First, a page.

If you have read this far, you’re probably wondering what is the point here. Well, if a fictional pair like Felix and Oscar can learn to live together despite their many differences and a real-life friendship can blossom between black and white performers like Sippie Wallace and Bonnie Raitt, why can’t Americans get along better during these trying days? Where, exactly, is the common ground? Tribal politics, cultural warfare, nationwide protests and a raging pandemic are dividing our nation like never before. Isn’t it time to put away our differences, bury the hatchets, and get back to being normal Americans again? Maybe we just need to dig in deeper to find that common ground. America came together culturally when we were attacked by Japan in December 1941. We need to be able to come together again, without another Pearl Harbor this time. Instead of Make America Great Again how about Make America America Again?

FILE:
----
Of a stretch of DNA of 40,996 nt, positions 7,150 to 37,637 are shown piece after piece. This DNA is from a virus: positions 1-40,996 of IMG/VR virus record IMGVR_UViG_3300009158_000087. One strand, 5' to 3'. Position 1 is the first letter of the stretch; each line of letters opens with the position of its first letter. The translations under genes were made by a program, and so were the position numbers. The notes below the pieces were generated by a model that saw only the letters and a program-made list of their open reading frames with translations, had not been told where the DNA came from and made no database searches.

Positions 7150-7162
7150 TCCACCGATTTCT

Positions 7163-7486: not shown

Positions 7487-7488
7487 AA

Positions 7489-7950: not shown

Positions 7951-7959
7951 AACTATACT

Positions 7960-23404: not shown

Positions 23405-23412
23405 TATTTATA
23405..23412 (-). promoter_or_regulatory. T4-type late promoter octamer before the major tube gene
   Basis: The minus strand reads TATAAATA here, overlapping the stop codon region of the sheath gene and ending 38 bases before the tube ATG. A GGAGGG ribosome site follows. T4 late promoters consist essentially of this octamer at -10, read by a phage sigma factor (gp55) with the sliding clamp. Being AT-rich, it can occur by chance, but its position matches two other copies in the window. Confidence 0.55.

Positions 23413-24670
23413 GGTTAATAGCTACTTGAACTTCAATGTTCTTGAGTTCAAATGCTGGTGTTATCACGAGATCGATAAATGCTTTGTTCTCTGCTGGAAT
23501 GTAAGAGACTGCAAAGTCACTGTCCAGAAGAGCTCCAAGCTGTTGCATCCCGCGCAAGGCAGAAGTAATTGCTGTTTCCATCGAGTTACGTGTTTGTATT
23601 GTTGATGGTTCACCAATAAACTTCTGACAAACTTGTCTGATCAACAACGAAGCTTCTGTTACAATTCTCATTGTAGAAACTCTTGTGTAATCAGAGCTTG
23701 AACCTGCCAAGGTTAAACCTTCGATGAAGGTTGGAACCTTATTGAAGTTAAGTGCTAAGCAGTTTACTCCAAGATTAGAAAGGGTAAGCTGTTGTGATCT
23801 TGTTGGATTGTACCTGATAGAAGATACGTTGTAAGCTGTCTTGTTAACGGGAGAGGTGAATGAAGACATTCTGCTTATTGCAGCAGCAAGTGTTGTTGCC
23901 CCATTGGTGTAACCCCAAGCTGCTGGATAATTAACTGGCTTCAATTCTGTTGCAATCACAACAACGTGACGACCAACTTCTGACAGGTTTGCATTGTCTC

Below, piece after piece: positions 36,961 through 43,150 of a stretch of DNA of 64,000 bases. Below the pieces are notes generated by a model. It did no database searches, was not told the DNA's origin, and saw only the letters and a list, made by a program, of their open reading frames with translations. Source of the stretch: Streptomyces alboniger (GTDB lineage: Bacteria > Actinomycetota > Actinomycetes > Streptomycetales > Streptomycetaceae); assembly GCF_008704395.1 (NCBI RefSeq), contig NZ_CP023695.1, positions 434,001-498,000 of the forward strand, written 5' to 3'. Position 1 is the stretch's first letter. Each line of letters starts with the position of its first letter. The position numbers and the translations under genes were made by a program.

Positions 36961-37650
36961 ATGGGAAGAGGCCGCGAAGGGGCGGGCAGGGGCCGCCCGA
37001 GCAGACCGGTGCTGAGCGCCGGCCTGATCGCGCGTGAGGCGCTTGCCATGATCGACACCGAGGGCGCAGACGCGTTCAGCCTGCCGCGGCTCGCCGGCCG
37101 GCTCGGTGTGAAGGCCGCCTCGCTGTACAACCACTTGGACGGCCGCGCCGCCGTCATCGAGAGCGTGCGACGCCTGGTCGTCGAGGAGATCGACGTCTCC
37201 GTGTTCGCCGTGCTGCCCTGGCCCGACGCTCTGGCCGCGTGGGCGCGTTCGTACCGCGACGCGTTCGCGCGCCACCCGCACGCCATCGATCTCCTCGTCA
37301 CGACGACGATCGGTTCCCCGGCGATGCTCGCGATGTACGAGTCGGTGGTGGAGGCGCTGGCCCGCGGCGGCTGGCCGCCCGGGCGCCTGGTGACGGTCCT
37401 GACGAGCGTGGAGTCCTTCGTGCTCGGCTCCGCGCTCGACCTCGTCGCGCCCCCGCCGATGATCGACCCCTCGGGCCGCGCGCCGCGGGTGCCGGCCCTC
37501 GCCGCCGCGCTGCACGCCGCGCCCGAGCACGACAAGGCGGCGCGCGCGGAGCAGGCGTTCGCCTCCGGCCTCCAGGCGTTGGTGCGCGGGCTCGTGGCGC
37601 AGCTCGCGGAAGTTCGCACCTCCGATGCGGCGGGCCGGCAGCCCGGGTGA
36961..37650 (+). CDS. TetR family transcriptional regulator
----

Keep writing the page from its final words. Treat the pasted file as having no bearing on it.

Sippie and Bonnie together sing “Women Be Wise”


hobo jungle blues

The early part of the Great Depression, especially before Franklin D. Roosevelt became president in 1933, was an especially rough row to hoe, economically. Pre-New Deal America was struggling and food was scarce, jobs even scarcer. Between 1929 and 1933, the American GDP had fallen a whopping 33%. There were at least two million homeless people and the stock market hit a low in 1932, closing at 41.22, down 89.2% from its all-time high in 1929. In rural Texas, armadillos were called “Hoover hogs” as their meat often replaced pork.

Few could afford automobiles, so hopping a freight train became a popular substitute form of traveling, particularly for African Americans. “Why walk when you can hop a train?” was a common refrain in those less than blissful days. Hobo numbers ballooned (estimates ranged from two to four million) in the 1930s, along with homeless shanty towns near railroad tracks called “hobo jungles.”